As the news industry is observed to be and is even subtly self-proclaimed to be liberal-leaning, D’Alessio and Allen (2000), many news platforms are guilty of gatekeeping, which means that the information they give out to the public is filtered through their own particular lens of inclination. Writers and editors handpick the stories they want to report on, and deselect the stories that they don’t want seeing the light of day. News agencies have been doing this for years and years. In White’s analysis he said, “in which the editor selected among stories provided to him by his wire service, sometimes on ideological grounds.” D’Alessio and Allen It’s nearly impossible to measure the magnitude of the influence of gatekeeping as nobody knows exactly what the news outlets are withholding as they are who the public receives their news from.
For example, regional press during Roosevelt’s run for the presidency in the 1930s was vehemently against his campaign: “some sections of the country the entire press was hostile to the Roosevelt administration. We received constant complaints from individuals in those areas who said it was impossible to get outside of the story.” Farley (1938) If the reader stopped to consider the plethora of stories that are possible to report on, and then look at all the stories that have been covered, it is understandable that not everything can be reported on. When the stories are selected to be covered by individuals with opinions, it is a given that the selections will be biased due to the “sampling” procedure. It’s hard to measure the influence of this type of bias due to the fact that nobody truly knows the stories that aren’t covered as we don’t hear about them in the news. However, it can be presumed that this bias does indeed occur. D’Alessio and Allen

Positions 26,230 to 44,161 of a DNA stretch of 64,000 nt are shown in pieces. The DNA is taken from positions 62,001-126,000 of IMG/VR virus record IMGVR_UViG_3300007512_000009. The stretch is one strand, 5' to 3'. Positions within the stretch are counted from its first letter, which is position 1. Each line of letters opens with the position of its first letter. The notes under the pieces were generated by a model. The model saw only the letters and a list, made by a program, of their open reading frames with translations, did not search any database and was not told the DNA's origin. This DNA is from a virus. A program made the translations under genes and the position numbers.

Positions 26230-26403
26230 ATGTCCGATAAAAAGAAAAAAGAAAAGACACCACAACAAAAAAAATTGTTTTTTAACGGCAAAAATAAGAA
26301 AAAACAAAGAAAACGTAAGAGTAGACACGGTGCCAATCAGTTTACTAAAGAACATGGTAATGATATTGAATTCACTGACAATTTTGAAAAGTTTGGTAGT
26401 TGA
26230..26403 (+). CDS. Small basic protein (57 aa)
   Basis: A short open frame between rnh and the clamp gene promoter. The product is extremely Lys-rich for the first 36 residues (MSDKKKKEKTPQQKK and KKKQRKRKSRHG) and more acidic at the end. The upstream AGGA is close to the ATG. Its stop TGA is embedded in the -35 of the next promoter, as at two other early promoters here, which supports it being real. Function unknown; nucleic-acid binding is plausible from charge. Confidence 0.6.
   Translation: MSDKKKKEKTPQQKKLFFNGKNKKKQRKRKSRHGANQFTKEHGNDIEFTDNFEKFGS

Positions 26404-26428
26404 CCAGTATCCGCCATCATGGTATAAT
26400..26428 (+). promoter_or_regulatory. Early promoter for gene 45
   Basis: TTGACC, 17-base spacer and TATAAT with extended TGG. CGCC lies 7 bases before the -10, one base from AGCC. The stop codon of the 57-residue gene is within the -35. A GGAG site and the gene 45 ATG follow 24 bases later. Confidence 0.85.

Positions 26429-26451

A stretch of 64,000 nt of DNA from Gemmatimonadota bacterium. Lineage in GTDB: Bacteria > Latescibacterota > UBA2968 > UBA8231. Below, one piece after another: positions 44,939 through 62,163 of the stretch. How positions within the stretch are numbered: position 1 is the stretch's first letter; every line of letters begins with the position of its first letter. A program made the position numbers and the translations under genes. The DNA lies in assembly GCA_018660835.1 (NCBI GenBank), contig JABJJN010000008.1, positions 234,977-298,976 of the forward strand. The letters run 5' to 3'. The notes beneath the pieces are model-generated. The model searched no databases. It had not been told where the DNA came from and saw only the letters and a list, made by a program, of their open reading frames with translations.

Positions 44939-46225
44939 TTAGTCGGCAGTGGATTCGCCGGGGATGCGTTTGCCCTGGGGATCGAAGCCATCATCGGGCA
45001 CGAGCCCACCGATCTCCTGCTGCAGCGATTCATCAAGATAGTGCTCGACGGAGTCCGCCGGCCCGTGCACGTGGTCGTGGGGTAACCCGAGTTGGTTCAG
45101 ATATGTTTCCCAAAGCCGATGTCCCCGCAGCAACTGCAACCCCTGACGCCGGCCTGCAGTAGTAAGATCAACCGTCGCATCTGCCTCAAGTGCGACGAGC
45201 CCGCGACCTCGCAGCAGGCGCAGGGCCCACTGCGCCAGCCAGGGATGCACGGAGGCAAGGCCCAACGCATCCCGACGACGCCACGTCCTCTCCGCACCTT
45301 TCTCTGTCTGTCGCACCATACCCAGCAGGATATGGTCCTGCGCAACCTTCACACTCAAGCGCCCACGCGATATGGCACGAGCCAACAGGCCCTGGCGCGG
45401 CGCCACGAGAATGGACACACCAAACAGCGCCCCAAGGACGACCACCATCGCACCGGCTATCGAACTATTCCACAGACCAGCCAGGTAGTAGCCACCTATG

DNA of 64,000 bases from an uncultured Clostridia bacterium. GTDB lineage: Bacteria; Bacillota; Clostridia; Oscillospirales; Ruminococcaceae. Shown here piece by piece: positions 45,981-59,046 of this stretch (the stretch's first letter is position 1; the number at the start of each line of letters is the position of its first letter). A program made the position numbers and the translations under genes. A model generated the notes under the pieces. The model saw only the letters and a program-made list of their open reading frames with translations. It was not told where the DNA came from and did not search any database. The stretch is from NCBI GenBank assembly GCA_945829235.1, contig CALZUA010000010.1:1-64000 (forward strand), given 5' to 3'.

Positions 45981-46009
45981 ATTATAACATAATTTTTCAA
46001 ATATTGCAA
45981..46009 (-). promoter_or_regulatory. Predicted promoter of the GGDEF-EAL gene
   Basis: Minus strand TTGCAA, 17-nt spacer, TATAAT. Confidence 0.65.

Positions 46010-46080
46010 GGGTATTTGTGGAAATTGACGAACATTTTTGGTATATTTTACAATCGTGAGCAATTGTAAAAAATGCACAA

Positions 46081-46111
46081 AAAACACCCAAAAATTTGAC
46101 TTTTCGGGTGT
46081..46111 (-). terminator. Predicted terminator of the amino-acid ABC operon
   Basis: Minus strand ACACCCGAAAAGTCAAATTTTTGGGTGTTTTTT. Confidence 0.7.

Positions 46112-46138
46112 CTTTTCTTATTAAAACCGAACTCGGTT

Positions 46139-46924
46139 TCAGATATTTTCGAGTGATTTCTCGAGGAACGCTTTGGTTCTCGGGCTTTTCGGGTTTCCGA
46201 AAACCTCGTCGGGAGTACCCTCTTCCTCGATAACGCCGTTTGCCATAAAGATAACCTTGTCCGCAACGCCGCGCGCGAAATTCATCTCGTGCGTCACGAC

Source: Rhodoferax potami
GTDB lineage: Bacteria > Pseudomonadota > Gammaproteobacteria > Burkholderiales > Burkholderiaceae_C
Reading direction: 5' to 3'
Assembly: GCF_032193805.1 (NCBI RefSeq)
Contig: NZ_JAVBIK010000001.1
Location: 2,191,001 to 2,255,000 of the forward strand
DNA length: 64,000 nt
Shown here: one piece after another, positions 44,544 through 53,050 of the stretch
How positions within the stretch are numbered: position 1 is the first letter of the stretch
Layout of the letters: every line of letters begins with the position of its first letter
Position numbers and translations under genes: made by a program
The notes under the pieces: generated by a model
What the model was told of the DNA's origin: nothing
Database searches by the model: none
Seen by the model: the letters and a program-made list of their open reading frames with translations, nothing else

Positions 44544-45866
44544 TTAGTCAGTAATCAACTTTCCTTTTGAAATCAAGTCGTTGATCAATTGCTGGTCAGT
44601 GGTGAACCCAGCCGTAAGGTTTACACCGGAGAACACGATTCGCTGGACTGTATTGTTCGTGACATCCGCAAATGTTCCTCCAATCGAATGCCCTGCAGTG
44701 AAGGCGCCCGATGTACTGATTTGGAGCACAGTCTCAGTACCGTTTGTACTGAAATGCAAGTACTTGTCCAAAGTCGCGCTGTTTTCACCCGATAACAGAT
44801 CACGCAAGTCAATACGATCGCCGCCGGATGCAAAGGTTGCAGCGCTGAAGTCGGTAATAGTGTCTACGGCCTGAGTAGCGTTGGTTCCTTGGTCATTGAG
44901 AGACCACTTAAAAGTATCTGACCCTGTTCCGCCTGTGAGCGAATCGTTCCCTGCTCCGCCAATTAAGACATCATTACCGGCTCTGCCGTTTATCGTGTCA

Another type of bias is coverage bias. This occurs when the entirety of a population isn’t fully represented in a report. This ties in with the gatekeeping effect with the fact that not every story is reported by the media. D’Alessio and Allen Many studies have been conducted to measure coverage bias through analyzing newspaper columns, headlines, TV airtime, etc. In America, the electoral system is set up with a two-party system. It is a common belief that the media should be split 50/50 with the coverage between liberal and conservative views and any deviation from that is a bias. D’Alessio and Allen The abortion debate is one of the political issues that doesn’t follow the 50/50 divide. One side of the debate stresses economic, constitutional, and societal points whereas the other side is based on how abortion is immoral. You can see how coverage of issues like this can be skewed from the artificial 50/50 divide.